"Food debit cards help 27 million people buy food, similar to the number who need help buying health coverage. In all fifty states, debit card technology has transformed the federal food stamp program, which used to be notorious for fraud and abuse. (Only 2 percent of card users are found to be ineligible, according to the General Accounting Office.) Cards are loaded with a specific dollar amount monthly, depending on family size and income, and allow cardholders to shop anywhere. The same strategy could be adapted to provide purchasing power to families who need help buying high-deductible health coverage. It's what all Americans used to buy (see chart 5), and it's all that's needed for families with moderate incomes, who can afford a routine doctor visit. "
    Downgrading Health Care

    8. Current law provides unlimited tax relief for coverage obtained through an employer but no comparable relief for those who purchase coverage outside their places of work. S. 334 would replace the current tax preference for employer-based health coverage with a new individual-based system. The bill would end the tax exclusion in the personal income tax for employer-based health insurance benefits and instead use a combination of subsidies and tax deductions for health insurance. Ideally, the current employer-based tax structure should be replaced with a fair and equitable universal tax credit. An across-the-board, fixed-dollar health care tax credit, for example, would offer every American federal tax relief for health care.(Wyden-Bennett Bill)

    Wise up.
     
  6. MexDomer
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    Good question Erik. States have long ceased to become the "labortories" of public opinion and political change that they once were. I would have no qualms with allowing states to devise their own health care models. I'm beginning to think that the only reason medical charge caps are not discussed is because of the huge influence doctor and pharm co lobbiest have in terms of political clout. NOW that's a shame and in fact, (when you consider big money directing policy as opposed to the general consensus or what's good for the general population) it's UnAmerican.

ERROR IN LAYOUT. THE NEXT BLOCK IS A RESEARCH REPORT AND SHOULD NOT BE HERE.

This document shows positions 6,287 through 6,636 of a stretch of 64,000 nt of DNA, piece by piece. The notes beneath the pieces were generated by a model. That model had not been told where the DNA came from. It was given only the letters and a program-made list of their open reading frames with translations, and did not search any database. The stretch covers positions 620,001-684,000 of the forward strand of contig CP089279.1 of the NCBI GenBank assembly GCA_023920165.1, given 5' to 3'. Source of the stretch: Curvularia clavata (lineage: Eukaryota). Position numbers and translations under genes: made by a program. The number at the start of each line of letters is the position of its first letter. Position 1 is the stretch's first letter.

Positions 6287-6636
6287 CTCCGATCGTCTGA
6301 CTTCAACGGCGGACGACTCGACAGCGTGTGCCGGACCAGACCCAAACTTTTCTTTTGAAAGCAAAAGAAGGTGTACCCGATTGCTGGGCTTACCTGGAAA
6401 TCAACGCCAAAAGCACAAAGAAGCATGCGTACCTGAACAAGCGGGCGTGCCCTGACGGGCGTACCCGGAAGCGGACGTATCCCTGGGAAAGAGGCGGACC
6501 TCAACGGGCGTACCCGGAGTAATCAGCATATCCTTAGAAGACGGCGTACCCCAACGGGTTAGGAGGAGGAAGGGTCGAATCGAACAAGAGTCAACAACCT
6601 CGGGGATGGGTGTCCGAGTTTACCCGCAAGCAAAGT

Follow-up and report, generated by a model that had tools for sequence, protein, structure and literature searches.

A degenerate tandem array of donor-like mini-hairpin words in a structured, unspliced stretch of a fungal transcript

7. PoliticalChic
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    PoliticalChic Diamond Member

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    Here is a chance to educate yourself re:increase in healthcare costs.

    By Betsy McCaughey Betsy McCaughey, Ph.D., is a patient advocate, founder of the Committee to Reduce Infection Deaths, and a former Lt. Governor of New York State.
    Downgrading Health Care
    The administration has warned that soaring health spending threatens the stability of American families and the economy. These doomsday scenarios are untrue. Health care spending is increasing at more moderate rates than in previous decades. Spending increased 10.5 percent in 1970, 13 percent in 1980, and consistently less than 7 percent in each of the last five years, reaching a low of 6.1 percent a year ago. Each year since 1960, food and energy together have taken up a declining share of Americans' expenditures, while housing has taken up a steady share. This has enabled Americans to spend an increasing share of their budgets on another necessity, healthcare. These four necessities together consume the same share of American spending now (55%) as they did in 1960 (53%). As further evidence, Americans are increasing the share of their spending that goes to recreation. Moderate income families can be helped to buy health coverage with vouchers, refundable tax credits, or debit cards. That's a low risk, "fix what's broken" approach.